Duck! Elderly patriarchs discussing doctrine!

This elderly patriarch’s image is certainly striking, with his stern face and a gray beard that flows over his chest, contrasting with the colorful clothing typical of his flock and his unique line of work.

Just before Christmas, he raised eyebrows with a blunt statement on one of today’s most controversial issues.

No, this wasn’t the Duck Commander in Louisiana. This patriarch resides in the city his followers formally refer to as Constantinople-New Rome.

“The Lord appointed the marriage of male and female in the blessed family,” proclaimed Ecumenical Patriarch Bartholomew, while discussing Mary, Joseph and the newborn Jesus. He is the first among equals of the patriarchs who lead the world’s 250 million Eastern Orthodox Christians (the church in which I am a member).

Patriarch Bartholomew claimed the “manifold support of the institution of the family comprises the obligation of the Church and responsibility of leadership in every country.” Thus, he argued that “in order for a child to be raised in a healthy and natural way, there needs to be a family where man and woman live in harmony as one body, one flesh, and one soul, submitting to one another. …

“We must all encourage the creation and function of natural families, which can produce citizens that are spiritually healthy and joyful.”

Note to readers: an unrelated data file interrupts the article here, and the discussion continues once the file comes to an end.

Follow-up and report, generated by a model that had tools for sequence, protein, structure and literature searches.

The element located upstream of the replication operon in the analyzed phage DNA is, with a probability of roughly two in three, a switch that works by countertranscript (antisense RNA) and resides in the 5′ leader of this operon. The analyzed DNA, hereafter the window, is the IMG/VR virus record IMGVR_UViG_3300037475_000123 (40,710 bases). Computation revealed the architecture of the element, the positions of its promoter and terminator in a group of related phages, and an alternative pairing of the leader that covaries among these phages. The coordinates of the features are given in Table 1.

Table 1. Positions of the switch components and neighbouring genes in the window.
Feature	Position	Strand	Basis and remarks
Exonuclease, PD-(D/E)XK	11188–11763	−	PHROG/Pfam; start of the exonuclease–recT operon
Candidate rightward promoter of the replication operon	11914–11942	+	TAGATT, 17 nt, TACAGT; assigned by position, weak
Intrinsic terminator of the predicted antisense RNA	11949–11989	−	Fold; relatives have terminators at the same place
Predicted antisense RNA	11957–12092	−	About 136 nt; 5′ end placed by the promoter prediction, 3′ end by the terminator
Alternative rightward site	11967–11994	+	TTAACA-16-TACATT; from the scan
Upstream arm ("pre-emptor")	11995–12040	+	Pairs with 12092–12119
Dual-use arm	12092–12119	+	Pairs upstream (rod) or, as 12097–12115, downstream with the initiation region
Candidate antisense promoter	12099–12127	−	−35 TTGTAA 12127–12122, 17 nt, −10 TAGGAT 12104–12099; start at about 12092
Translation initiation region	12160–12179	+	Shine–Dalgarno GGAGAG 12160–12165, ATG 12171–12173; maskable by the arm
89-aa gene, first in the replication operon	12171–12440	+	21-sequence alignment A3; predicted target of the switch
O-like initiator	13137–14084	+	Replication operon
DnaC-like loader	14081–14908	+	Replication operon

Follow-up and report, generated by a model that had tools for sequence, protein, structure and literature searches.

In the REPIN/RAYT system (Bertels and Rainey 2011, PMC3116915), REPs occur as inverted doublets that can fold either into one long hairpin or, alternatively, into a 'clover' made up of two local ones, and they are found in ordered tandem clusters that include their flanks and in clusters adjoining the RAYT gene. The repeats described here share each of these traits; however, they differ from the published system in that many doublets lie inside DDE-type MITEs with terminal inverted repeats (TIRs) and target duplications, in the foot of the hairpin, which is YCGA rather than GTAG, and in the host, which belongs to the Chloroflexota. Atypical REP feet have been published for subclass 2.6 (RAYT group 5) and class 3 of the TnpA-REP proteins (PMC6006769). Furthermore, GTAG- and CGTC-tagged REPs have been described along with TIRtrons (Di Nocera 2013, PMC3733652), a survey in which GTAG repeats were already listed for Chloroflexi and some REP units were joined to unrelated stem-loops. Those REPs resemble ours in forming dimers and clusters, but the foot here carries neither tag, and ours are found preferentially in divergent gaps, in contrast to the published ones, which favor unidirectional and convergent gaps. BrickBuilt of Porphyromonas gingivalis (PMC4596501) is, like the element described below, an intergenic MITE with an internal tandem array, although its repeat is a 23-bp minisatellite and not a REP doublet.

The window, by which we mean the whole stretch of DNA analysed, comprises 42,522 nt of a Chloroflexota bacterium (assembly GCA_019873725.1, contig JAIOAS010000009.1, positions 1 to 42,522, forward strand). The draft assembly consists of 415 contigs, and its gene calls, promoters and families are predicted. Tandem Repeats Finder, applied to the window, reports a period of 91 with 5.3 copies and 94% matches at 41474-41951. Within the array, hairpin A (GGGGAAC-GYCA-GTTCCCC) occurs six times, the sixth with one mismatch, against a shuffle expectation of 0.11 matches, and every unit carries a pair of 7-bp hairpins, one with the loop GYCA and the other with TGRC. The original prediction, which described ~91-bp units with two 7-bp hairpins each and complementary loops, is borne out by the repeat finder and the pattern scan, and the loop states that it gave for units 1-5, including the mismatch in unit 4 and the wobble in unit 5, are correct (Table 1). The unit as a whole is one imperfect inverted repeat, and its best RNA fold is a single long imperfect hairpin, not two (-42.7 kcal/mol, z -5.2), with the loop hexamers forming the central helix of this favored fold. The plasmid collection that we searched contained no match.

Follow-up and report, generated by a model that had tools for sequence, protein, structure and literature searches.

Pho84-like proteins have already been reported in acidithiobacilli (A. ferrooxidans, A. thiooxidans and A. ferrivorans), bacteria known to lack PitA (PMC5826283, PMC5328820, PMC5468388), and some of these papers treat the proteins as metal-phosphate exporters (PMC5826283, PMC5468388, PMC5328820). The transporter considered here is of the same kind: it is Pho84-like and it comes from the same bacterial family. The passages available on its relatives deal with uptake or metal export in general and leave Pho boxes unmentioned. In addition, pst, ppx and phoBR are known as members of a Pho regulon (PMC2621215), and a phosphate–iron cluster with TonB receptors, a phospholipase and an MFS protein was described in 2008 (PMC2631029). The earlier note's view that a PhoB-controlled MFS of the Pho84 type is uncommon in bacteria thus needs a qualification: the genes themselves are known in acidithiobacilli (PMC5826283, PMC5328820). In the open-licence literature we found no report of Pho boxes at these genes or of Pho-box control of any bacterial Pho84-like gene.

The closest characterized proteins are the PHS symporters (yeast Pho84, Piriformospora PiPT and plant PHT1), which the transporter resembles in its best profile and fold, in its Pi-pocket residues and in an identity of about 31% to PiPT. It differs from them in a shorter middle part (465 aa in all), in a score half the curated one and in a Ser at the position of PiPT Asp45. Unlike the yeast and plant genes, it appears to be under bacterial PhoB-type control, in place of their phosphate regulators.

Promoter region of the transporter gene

Soon after that, a Catholic bishop delivered a Christmas sermon in which he addressed a related topic — the adoption of children by same-sex couples. Then, to make matters even more newsworthy, he claimed that he spoke with the encouragement of his own patriarch, the pope of Rome.

Auxiliary Bishop Charles J. Scicluna told journalists in Malta, a Mediterranean island, that Pope Francis was shocked to learn, in a Dec. 12 meeting, that a civil unions bill would allow gay couples to adopt children in that predominately Catholic country.

The pope, he claimed, urged him to speak out boldly. The bishop also said that Pope Francis — declared 2013 Person of the Year by The Advocate, a major gay magazine — had repeated the views he expressed in 2010 as Cardinal Jorge Mario Bergoglio, when he called same-sex marriage an “anti-value and an anthropological regression” for humanity. In 2009, Bergoglio had written to Catholic leaders in Buenos Aires stressing: “We are not talking about a mere bill, but rather a machination of the Father of Lies that seeks to confuse and deceive the children of God.”

However, Pope Francis also — in November remarks to the Catholic Union of Superiors General — suggested that church leaders must find new ways to show mercy and understanding to the children of same-sex couples and divorced parents, so as not to be guilty of “administering a vaccine against faith” among the young.